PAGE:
Poetry is a gift — a boon bestowed on us by the small and big connections of our lives. For years, in my late teens and early twenties, it was Bob Dylan’s lyrics that served as the core of my poetic life. The wonderful music helped hugely, of course, as it did with Dire Straits, U2, Joe Jackson… the list is endless. Rock musicians play the role in our culture that Byron and Keats and Shelley did.
Gone indeed are the days when rapturous crowds gathered in Albemarle Street at the offices of publisher John Murray to buy their copy of Byron’s swashbuckling poem The Corsair which sold an astonishing 10,000 copies on the day it was published.
Someone like Keith Richards would doubtless approve of the dramatic spectacle that was Shelley’s cremation on the beach in Italy with Byron and Leigh Hunt watching the flames mount to the sky and Edward Trelawny snatching the corpse’s heart from the very pyre itself.
Poetry today has lost much of its public influence and appeal, but there is a deep and intimate power about it, the words still and silent on the page, but shared in the imagination from poet to each reader.
Perhaps the best line on friends, journeys and poetry must rest with my poetic friend from Sierra Leone who looked at me over a hot chicken pie at lunch in a pub just a few streets away from Winchester Cathedral. “Iambic pentameter,” he said in a determined voice as he cut into his steaming pie.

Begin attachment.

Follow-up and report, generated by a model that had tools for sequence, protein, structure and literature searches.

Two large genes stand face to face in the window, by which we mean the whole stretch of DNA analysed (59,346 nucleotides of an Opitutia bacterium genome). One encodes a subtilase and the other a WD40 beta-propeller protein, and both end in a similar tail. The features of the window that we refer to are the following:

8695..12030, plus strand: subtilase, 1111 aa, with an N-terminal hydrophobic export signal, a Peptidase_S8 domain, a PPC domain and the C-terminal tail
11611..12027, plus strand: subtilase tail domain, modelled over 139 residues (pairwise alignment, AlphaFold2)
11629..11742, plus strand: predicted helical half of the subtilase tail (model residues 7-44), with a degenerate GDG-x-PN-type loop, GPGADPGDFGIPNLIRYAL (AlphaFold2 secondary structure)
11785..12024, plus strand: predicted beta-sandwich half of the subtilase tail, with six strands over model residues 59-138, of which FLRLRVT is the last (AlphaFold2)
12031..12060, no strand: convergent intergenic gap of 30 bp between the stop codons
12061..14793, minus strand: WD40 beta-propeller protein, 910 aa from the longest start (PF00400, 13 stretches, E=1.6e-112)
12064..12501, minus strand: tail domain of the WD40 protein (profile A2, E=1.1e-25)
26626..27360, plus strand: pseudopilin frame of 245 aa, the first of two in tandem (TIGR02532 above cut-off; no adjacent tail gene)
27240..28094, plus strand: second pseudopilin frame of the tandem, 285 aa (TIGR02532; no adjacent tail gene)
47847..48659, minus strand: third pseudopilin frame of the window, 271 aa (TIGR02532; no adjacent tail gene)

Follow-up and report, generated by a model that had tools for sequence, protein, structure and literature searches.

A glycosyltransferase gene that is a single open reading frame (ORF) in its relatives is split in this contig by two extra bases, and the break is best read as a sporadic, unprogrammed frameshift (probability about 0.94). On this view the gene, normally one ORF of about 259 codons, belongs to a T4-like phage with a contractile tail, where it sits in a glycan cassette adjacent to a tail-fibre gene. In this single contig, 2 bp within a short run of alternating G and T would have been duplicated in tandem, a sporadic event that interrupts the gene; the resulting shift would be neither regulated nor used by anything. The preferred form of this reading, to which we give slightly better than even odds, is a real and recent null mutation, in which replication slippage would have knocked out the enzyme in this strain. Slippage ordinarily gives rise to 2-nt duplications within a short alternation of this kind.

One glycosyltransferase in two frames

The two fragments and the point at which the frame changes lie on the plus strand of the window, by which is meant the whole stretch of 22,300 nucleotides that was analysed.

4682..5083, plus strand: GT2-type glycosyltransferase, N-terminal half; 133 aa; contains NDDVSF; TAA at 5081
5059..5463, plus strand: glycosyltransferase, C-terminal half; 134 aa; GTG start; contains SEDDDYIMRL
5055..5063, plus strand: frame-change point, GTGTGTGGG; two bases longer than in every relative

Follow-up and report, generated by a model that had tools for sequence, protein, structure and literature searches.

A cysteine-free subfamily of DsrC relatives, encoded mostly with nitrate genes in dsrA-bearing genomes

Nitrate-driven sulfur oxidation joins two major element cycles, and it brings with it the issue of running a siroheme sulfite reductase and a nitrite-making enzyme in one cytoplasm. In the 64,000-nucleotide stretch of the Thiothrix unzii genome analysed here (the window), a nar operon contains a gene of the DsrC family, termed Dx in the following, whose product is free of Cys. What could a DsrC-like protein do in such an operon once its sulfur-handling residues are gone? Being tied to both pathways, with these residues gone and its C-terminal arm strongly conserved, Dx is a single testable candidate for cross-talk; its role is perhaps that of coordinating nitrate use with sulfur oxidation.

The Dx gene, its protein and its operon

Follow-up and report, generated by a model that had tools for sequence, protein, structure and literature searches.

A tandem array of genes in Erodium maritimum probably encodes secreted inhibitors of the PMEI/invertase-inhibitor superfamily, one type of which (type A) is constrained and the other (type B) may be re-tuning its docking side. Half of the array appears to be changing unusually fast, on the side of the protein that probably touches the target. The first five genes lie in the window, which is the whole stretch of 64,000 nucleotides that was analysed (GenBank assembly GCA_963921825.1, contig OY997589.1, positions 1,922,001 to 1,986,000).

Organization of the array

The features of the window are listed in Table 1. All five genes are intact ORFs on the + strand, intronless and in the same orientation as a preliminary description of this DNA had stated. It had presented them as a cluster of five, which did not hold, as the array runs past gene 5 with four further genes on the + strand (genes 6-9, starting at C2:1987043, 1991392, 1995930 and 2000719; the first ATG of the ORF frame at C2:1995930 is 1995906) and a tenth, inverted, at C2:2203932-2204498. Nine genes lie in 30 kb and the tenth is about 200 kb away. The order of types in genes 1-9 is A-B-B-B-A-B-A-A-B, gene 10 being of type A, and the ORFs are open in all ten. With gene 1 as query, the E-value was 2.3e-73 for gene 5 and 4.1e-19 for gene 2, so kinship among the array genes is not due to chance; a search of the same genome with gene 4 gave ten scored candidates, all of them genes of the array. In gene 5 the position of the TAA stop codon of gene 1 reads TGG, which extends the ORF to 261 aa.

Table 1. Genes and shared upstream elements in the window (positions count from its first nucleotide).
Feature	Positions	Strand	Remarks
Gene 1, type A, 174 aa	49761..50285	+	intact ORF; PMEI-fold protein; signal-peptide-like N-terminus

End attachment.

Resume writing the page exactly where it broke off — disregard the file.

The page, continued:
“Yes?” I replied questioningly.
“Don’t you see? Lub-dub,lub-dub,lub-dub. The rhythm of iambic pentameter echoes that of the human heart.”
Just as it is the hearts of the people you meet along the way who make journeys memorable, so it is with poetry: the people who give it to you make the lines and the reading of them so powerful. As a freelance journalist I have covered many war zones in Africa and the Middle East with a number of remarkable journalists as my companions, many of whom loved poetry. Poetry somehow found its way into and lightened so many of my journeys.
I remember before the Iraq war a friend of mine who would soon go through a divorce, partly because of all the journalistic travelling he did. It alienated him from his wife, and, although he didn’t know it for sure yet, he could sense the terrible emptiness growing that would come to separate them forever.
They had adopted a daughter a few short years before and in his refuge from fear of what the war might bring and of what truth might bring to him when he was back home, he would constantly be dipping in and out of a copy of Yeats that he had carried with him from the shelves of his study in Johannesburg. A Prayer for My Daughter is the one that still brings tears to my eyes as I remember him reading it to us.
We were struck by the unique power of Yeats and his vision of beauty within his own world so torn by the violence of Ireland’s struggle for independence, and the terror of our own world visited on Baghdad that tore across the skylines we filmed and the screens of those who watched at home.